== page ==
This will make it more difficult for businesses to enter the IoT market and existing market players will need to be ready to develop stricter IoT security standards in response to this legislation. Rather than simply pushing new products out to market, manufacturers will need to address security issues by embedding measures such as encryption, authentication, access control, and vulnerability management into their IoT devices. So, prepare now!

Prediction: Conversational AI will grow rapidly

Waheed Adam, MEF Board Member and Executive Chairperson at iTouch

In the coming year, we will see a huge shift in Rich Communication Services (RCS), with many more enterprises having conversations with their customers rather than a one-way unilateral communication.

Brands are already slowly evolving into a more human-like entity. Even on social media, brands are almost emulating human behaviour to the world at large, which helps them embody their value systems. It also helps showcase their offerings as a human salesperson would, conversing with their end consumers in that same tonality.

With the rapid development in Conversational AI, powered by Conversational Process Automation (CPA), artificial intelligence can bridge the gap between the customer and process automation systems by automating both conversations and processes.

So, a business could launch a WhatsApp channel, showcase their items and then allow customers to converse with an online AI salesperson to ask questions and complete their purchase.

The power of Conversational AI can be combined with breakthrough innovative payment technology, such as Unified Payment Interface (UPI), to allow customers to make bank payments instantaneously via their mobile number.

So, not only can customers browse through a carousel of products and talk to a sales AI, but they can even select the items, put them in a cart, and actually make the online payment transaction through WhatsApp. There is no need to step out of the WhatsApp ecosystem onto an external website. Everything is available end-to-end.

This is a powerful process and adds a lot of value to OTT services like WhatsApp and its regional equivalents. It brings omnichannel processes into a single channel, joining up the user’s journey on their behalf.

Prediction: Reverse brain drain

Anurag Aggarwal, MEF Board Member and VP Partnership and Alliances at Tanla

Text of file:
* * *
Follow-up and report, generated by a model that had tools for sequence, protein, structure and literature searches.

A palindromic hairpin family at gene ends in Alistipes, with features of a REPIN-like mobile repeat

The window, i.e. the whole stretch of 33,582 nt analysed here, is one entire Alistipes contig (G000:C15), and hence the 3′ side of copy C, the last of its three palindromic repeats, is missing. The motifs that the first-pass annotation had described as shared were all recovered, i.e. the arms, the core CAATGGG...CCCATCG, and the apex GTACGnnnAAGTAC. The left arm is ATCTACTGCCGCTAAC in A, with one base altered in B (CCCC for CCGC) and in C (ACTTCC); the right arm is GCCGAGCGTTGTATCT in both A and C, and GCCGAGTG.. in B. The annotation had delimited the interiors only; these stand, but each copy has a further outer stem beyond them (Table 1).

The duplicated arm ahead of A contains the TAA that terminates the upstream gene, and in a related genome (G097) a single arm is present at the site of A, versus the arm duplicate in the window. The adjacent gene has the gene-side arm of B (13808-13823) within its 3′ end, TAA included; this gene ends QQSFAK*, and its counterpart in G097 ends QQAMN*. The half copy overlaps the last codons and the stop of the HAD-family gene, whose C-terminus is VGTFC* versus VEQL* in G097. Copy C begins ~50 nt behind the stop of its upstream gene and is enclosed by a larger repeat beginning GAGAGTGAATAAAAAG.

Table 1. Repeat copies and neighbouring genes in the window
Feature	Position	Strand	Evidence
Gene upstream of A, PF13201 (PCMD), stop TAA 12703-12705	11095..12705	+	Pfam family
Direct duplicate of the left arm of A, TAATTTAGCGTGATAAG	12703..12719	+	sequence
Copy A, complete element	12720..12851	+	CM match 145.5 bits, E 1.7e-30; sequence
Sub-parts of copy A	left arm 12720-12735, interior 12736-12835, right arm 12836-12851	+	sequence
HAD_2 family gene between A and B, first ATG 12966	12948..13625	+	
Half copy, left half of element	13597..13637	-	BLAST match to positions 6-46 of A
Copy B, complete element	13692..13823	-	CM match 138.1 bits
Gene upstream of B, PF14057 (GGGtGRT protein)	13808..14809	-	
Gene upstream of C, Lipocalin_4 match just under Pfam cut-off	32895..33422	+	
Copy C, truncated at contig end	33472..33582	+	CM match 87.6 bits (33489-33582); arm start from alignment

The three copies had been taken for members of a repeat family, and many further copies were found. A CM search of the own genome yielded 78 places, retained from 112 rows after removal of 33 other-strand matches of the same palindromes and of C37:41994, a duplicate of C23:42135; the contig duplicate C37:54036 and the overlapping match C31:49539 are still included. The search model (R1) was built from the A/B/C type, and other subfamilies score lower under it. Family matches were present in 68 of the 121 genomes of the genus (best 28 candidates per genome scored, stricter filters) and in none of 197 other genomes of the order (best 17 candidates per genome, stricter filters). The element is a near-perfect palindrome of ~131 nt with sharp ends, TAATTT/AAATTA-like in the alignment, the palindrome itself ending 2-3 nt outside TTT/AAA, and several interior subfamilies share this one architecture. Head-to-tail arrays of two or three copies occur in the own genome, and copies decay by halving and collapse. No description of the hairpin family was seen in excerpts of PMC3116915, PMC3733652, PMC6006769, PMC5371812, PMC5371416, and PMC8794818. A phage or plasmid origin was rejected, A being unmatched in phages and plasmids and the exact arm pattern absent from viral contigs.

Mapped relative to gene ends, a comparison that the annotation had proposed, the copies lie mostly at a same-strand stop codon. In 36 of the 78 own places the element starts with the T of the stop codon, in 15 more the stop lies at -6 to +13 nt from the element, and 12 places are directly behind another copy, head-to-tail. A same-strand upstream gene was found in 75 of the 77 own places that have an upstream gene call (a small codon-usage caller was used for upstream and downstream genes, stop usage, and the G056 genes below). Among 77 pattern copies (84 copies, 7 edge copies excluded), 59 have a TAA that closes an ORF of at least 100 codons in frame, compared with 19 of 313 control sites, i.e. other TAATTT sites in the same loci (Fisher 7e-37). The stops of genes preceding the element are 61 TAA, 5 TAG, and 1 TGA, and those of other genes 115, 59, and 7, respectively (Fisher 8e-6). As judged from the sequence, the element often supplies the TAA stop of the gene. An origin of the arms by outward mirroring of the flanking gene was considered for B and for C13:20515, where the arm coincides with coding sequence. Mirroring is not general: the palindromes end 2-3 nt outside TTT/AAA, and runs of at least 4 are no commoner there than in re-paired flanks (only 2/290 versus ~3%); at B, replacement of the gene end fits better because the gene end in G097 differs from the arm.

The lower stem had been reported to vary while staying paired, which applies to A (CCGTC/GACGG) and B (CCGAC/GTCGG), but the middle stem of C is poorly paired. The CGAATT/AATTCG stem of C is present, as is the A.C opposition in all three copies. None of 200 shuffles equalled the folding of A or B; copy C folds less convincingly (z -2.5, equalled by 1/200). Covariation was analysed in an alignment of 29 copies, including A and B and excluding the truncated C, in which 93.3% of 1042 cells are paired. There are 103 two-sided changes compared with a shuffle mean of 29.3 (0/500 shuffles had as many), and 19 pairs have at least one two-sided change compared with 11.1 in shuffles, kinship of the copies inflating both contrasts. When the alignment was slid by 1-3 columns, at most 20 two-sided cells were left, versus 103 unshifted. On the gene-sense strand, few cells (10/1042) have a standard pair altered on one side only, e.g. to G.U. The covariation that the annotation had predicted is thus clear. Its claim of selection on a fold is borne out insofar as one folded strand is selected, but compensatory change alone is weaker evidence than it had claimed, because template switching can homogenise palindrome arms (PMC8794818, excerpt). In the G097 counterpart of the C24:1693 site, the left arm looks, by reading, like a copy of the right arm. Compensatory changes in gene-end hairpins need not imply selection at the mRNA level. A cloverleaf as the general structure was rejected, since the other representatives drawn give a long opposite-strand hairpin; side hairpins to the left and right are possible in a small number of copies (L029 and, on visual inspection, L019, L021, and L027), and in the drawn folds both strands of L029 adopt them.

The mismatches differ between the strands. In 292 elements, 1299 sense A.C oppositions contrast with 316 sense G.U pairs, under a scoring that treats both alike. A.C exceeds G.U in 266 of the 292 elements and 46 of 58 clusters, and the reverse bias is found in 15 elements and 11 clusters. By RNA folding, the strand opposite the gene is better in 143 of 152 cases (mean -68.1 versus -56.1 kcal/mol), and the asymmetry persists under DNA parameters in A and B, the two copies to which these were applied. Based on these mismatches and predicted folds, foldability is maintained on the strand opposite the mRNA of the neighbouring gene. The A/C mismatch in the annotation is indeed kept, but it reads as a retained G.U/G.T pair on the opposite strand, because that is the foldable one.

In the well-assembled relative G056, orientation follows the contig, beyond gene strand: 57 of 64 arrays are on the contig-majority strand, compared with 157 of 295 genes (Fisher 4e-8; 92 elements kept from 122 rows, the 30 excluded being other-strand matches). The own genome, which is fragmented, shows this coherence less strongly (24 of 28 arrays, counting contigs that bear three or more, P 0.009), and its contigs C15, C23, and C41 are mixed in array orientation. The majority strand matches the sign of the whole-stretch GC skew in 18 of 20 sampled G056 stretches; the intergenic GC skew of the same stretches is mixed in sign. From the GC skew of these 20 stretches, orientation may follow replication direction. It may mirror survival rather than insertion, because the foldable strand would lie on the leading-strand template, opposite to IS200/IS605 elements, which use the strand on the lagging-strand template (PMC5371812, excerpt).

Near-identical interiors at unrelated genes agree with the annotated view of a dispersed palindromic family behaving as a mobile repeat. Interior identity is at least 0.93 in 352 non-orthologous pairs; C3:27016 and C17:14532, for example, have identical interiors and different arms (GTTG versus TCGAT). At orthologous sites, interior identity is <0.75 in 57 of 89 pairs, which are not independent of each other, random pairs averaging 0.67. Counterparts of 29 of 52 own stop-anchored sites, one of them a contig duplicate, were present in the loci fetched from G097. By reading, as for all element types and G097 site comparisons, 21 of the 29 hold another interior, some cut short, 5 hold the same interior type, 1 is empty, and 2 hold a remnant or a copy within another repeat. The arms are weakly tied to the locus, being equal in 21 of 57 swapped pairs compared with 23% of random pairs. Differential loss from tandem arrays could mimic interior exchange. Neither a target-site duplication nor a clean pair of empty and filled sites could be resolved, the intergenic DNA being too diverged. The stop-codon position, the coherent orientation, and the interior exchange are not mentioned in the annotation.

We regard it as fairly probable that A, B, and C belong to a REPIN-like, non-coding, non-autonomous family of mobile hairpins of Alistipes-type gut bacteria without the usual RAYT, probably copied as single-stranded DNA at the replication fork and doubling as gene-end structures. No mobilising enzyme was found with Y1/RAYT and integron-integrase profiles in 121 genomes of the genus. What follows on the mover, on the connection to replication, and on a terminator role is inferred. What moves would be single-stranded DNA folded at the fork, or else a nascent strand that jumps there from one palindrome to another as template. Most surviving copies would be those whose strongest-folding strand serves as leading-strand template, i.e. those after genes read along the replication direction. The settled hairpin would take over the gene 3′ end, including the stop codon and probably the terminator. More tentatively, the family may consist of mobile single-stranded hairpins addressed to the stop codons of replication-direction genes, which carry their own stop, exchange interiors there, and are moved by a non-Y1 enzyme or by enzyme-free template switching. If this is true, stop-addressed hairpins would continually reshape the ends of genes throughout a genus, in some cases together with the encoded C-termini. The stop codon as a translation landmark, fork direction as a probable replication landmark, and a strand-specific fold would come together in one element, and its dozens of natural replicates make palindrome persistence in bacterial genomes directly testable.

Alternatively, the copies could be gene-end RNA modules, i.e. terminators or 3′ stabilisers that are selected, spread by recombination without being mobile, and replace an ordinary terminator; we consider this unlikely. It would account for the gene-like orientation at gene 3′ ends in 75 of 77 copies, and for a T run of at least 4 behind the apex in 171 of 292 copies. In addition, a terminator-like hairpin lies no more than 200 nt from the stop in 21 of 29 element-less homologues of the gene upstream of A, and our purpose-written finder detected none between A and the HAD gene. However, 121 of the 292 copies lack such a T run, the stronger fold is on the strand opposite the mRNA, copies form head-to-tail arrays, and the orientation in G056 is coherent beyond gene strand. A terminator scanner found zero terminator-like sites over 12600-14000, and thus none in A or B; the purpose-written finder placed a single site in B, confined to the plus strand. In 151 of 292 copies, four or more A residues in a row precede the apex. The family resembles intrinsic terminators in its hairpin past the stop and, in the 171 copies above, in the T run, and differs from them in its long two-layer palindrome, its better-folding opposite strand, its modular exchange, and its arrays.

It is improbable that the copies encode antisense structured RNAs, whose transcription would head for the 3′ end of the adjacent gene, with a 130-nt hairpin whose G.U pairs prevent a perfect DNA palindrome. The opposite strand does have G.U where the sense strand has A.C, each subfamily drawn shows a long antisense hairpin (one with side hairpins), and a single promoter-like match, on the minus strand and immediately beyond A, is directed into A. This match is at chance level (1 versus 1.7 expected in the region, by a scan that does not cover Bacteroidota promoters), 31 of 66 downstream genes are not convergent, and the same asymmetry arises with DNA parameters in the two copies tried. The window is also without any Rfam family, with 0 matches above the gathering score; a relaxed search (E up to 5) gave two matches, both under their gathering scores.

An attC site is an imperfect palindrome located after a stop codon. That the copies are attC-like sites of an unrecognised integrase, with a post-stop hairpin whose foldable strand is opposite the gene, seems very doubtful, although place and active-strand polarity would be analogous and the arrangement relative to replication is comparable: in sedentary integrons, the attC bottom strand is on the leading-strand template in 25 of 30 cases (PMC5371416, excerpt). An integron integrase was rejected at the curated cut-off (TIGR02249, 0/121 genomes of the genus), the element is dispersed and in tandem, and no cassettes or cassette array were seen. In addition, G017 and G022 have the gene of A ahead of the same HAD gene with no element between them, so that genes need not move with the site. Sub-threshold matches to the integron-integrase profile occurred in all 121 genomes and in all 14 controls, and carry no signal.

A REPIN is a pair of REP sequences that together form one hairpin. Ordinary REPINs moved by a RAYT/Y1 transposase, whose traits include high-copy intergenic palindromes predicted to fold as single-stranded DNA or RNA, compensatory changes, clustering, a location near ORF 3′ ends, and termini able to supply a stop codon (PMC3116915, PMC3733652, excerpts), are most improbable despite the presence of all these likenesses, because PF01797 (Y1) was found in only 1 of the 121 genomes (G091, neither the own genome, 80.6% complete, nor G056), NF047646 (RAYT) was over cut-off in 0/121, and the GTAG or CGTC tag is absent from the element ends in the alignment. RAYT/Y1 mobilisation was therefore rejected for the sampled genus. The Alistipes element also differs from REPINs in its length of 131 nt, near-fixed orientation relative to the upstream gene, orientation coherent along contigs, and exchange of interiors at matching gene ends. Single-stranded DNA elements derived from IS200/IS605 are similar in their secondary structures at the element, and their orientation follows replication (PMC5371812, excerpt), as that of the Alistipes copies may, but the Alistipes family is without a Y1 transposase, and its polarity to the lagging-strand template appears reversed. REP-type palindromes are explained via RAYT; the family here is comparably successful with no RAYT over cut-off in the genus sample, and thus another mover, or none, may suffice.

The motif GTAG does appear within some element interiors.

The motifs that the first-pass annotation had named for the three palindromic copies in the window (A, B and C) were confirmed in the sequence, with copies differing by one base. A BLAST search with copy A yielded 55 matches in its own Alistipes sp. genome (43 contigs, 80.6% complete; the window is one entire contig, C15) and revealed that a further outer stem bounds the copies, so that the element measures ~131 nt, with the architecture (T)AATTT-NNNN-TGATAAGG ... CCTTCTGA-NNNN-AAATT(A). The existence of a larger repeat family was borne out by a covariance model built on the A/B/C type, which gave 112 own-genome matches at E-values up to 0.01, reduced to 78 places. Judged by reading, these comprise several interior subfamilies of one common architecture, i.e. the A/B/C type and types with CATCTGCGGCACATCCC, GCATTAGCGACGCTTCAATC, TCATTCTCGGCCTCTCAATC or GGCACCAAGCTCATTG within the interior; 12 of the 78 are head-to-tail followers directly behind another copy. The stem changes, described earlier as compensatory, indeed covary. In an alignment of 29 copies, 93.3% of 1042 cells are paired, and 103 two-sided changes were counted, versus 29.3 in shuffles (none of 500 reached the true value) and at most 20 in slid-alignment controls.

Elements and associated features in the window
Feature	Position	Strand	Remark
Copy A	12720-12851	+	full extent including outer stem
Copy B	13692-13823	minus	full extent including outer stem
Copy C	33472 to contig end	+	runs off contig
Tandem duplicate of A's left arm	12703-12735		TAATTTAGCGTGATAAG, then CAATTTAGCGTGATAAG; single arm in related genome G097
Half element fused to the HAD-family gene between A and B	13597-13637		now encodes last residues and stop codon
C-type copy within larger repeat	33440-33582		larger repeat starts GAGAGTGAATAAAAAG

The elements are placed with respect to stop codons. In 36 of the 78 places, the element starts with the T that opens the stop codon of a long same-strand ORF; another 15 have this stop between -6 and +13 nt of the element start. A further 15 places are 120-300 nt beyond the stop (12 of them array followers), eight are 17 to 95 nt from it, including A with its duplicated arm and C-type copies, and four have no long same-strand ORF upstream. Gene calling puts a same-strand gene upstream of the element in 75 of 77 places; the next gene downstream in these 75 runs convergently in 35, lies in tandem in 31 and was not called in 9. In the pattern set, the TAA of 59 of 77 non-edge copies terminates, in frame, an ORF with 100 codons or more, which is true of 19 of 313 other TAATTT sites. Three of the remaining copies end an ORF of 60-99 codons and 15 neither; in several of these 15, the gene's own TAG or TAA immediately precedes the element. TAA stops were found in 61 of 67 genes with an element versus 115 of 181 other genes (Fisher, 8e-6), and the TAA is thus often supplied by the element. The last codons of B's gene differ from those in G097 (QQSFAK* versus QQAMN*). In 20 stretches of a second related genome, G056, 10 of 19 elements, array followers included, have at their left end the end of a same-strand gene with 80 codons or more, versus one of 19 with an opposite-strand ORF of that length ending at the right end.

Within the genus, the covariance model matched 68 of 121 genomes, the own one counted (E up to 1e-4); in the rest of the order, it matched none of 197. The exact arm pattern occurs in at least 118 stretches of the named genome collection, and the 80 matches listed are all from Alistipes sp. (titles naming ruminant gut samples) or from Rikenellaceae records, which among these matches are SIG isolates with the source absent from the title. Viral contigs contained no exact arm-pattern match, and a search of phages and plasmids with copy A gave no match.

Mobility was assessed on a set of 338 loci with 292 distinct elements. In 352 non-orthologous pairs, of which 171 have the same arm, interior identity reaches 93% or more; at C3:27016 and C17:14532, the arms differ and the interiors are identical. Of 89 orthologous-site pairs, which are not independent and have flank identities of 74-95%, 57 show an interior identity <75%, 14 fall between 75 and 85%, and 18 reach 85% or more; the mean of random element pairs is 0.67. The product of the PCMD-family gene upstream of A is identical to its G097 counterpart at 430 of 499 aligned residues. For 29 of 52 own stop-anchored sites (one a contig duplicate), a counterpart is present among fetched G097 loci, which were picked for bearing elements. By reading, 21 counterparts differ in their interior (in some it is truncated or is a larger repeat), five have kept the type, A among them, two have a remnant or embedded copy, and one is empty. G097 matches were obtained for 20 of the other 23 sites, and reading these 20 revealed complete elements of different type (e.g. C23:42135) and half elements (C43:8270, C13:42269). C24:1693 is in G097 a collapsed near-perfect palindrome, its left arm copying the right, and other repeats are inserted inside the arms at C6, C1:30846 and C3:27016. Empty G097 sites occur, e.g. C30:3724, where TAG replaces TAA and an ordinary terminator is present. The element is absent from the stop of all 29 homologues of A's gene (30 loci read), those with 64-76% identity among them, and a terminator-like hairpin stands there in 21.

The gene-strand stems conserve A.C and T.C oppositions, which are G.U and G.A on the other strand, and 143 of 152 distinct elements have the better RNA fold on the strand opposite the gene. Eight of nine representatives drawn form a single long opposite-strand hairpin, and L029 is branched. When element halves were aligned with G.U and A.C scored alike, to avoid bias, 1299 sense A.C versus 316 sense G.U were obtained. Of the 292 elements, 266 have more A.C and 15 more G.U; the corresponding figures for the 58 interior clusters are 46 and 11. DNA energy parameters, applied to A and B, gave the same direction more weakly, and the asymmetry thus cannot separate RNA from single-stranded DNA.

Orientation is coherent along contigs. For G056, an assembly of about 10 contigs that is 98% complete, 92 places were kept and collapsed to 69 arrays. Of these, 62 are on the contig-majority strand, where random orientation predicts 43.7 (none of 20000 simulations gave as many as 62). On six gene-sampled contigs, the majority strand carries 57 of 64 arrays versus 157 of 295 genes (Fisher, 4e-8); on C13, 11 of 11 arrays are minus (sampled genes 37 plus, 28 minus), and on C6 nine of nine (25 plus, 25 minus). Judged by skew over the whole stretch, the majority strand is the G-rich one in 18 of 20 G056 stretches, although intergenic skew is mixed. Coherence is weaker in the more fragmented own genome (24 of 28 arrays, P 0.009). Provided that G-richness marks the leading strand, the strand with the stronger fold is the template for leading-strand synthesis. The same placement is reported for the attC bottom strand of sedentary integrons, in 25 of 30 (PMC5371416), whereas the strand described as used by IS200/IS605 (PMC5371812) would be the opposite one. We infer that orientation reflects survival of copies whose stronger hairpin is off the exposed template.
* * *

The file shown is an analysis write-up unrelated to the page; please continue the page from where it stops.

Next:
The global West has been the dominant market for technology. But with the shift in digital transformation due to lockdown, the workforce is being redistributed, both between different organisations as well as geographic locations.

Take India. As a developing nation, India has often had to align foreign and economic policy with the West. But India has roughly a sixth of the global population. Prime Minister Modi has recognised this economic potential and, over the past three years, has established a very successful program to make India a self-contained economy.

As a result, 2023 will see a reverse brain drain. Given the opportunities available, especially in the technology and the telecom space, a lot of that talent which moved out of India to the likes of US and UK is likely to move back over the coming years.

One effect of this will be that India will begin dominating the overall tech space and we will see more of Indians innovating solutions for India rather than for the global West.

Other countries may also follow suit. China and African nations are key areas to look out for. With their huge populations and greater access to technology and information, China and Africa could well become the tech powerhouses of the future. 

ABOUT THE AUTHOR

Jason Lunn is a Board Member of MEF (Mobile Ecosystem Forum) a global trade body established in 2000 and headquartered in the UK with members across the world. As the voice of the mobile ecosystem, it focuses on cross-industry best practices, anti-fraud and monetisation. The Forum provides its members with global and cross-sector platforms for networking, collaboration and advancing industry solutions.

Web: https://mobileecosystemforum.com/

Twitter: https://twitter.com/mef

LinkedIn: https://www.linkedin.com/company/mobile-ecosystem-forum

Facebook: https://www.facebook.com/MobileEcosystemForum/